World Football: Five Reasons Why England Can Still Win Euro 2012
England currently sit in second place in Group G for Euro 2012, three points behind Montenegro against whom they recently drew with at Wembley.
That result prompted yet more criticism, perhaps not completely unjustly, to be hurled at the England players and staff.
England retain some of the biggest names in football in their starting XI—not to mention their manager—but to truly go down as amongst the elite the players must produce at the international level.
With many of the current squad approaching the end of their careers, Euro 2012 in Poland and Ukraine could well be their last chance to achieve this ambition.
1. Decent Qualifying Position
The recent disappointing 0-0 draw at home to Montenegro has taken the shine off what had been a strong start to the qualification programme.
However, despite trailing the ever-improving Montenegro by three points in the current standings, the Three Lions have played a game less and a win in their next game match take them back to the top of the table.
England’s 4-0 and 3-1 wins over Bulgaria and Switzerland have also given them a decent advantage in terms of goal difference over Montenegro, who despite their incredibly strong start, have only scored three times in four matches.
With two derby matches against Wales still to come, plus trips to both Bulgaria and Montenegro, England’s qualification is by no means guaranteed. But they should still be regarded as favourites for the group and odds-on to reach the finals in Poland and Ukraine without too many more slip ups.
Capello’s Last Act
Fabio Capello confirmed earlier this season that he won’t be staying on as England manager when his contract expires after Euro 2012.
The Italian has also let it be known that the England role will be his last, so the 2012 tournament will be Capello’s final act in football.
Capello has been successful and won silverware at every club he has managed, so he will no doubt be determined to make sure that his single foray into international management doesn’t lead to his career ending on a sour note.
His legacy at home and throughout most of Europe is already assured given the size of his trophy cabinet collected from AC Milan, Real Madrid, via Roma and Juventus. But the English press will be much less forgiving.
Whilst perhaps not his priority it would not sit comfortably with Capello to be remembered in England for what he didn’t win with the national team ahead of his long list of honours at club level.
Ah Rooney, you just can’t escape the man at the moment.
Whilst his club career no longer hangs in the balance, there were many implications for his future in the national team.
Presumably Ferguson wouldn’t have let his star striker rot in the reserves right up until Euro 2012 and the end of his contract, yet in any case the resolution of the issue will come as a welcome relief to Fabio Capello and England.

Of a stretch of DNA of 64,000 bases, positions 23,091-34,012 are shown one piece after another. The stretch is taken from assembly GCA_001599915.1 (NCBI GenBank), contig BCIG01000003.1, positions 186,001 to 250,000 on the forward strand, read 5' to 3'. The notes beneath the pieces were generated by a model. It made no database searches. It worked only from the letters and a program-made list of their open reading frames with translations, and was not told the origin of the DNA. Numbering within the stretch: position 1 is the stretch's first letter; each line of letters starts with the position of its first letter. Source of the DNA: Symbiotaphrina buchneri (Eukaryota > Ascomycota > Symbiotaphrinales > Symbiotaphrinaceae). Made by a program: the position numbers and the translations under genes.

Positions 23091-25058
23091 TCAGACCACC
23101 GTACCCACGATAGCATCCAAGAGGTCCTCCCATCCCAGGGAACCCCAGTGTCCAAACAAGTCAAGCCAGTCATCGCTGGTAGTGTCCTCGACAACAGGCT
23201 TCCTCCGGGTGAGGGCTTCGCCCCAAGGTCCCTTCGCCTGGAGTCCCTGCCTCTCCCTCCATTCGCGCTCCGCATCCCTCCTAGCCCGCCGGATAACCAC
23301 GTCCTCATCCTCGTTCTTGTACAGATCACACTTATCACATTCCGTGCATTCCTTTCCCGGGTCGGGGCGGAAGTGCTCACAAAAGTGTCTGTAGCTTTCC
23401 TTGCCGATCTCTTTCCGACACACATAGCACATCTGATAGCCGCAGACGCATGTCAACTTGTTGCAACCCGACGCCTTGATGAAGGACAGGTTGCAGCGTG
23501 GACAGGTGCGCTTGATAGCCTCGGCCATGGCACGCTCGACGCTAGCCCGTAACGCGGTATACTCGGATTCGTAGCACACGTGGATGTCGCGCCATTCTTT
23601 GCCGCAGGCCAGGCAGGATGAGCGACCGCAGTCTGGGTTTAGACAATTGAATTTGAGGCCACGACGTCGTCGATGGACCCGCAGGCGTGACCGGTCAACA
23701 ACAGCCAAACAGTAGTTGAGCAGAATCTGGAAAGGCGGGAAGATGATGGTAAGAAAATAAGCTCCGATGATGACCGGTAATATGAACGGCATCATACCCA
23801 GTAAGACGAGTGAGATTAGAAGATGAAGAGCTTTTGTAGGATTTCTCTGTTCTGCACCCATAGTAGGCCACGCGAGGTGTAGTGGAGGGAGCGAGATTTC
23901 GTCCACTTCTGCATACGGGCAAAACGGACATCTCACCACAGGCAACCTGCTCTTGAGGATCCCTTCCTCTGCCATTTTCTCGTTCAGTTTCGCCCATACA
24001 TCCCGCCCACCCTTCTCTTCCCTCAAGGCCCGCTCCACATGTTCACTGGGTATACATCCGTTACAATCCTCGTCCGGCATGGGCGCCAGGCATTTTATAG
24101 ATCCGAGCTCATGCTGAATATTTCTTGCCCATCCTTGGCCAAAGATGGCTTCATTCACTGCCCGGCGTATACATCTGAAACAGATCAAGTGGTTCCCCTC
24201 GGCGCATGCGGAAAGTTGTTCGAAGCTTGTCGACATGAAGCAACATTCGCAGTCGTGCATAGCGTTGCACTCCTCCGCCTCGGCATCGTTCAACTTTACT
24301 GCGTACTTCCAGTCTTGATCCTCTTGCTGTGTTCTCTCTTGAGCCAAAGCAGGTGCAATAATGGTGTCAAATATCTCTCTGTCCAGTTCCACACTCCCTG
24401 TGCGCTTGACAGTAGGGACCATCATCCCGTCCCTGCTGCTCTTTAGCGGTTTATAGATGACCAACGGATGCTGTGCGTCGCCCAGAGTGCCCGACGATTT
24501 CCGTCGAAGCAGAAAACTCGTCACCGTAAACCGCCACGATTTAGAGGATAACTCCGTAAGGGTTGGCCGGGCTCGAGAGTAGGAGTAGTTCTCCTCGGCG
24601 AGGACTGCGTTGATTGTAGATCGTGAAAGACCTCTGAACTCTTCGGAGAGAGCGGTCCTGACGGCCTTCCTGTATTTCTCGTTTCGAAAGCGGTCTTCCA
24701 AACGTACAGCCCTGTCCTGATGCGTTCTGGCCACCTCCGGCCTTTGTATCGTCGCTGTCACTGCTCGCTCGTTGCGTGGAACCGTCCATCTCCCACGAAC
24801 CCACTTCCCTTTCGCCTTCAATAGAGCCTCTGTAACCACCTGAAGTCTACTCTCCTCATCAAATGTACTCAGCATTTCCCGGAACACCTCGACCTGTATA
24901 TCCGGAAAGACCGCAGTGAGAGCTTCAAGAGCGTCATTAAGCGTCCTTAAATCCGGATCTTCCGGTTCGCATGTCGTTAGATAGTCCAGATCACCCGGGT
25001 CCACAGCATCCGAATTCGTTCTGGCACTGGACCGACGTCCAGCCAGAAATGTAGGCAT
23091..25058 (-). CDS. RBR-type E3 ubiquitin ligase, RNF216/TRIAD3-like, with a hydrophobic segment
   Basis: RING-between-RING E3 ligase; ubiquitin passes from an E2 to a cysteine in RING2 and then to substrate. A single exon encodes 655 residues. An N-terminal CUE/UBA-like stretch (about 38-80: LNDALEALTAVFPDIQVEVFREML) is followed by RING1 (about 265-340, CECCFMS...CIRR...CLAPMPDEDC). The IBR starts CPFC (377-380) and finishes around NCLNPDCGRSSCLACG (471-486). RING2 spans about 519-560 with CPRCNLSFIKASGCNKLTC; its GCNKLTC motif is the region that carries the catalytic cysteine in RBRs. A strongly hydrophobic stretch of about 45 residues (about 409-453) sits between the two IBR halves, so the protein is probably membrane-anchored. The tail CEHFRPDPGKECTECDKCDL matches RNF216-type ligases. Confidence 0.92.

Rooney’s performances in South Africa were a huge disappointment, but some stability and hopefully some reinvigoration of his club career can help propel him towards his best form once again.
The European Championships have arguably seen the best ever form of Rooney’s career when as an 18-year old he burst onto the international scene with four goals in as many games.
A series of spectacular performances at Euro 2004 was only ended via injury early on against Portugal and the Three Lions tournament hopes arguably disappeared with him.
England can only hope that he can reach these heights again at Euro 2012.
England’s senior team may still be struggling for success but there seems to be more promise further down the age ladder.
The under-21 side reached the European Championships semi-final in 2007 before losing in the final in 2009 against a Germany side containing Manuel Neuer, Jermone Boateng, Sami Khedira and Mesut Ozil.
From that side James Milner, Adam Johnson and Joe Hart have already progressed to become key members of England’s first XI going forward and the likes of Phil Jones, Jack Wilshere, Kieran Gibbs and Jack Rodwell are expected to join them before long.
Indeed the Arsenal pair of Wilshere and Gibbs won their first senior caps against Hungary this August in a friendly international at Wembley.
The under-17 side went one better than their under-21 counterparts in May this year when they defeated Spain in the final to win the Euro Under-17 Championship.
England fans can be hopeful that the likes of Conor Wickham, Josh McEachran and Benik Afobe continue their progress, and hopefully enjoy success at senior levels before long.
More Realistic Fan Expectation
Spectacular failure in South Africa this summer may well have been the straw that broke the camel’s back.
Built up to the heavens as possible—nay, probable—World Champions, England’s heroes fall hard after their 4-1 mauling at the hands of arch rivals Germany in the second round.
The latest in a string of defeats in the face of unrealistic expectation could finally lead to more realistic aims and, fingers crossed, perhaps even the ditching of the mythical "Golden Generation" tag.
England’s record in the European Championship is actually distinctly average.
Since the tournament’s shift to its current format in 1980, England have only won a grand total of one knock-out match in six of the eight tournaments they qualified for.
Even that success over Spain in the Euro ’96 quarter-final was on penalties, and only then after the Spaniards had been wrongly denied on more than one occasion by an incorrect offside decision.
It might be hoping for too much, but perhaps with expectations lowered to a reasonable level the players might just be able to surprise us after all. We can at least hope so anyway.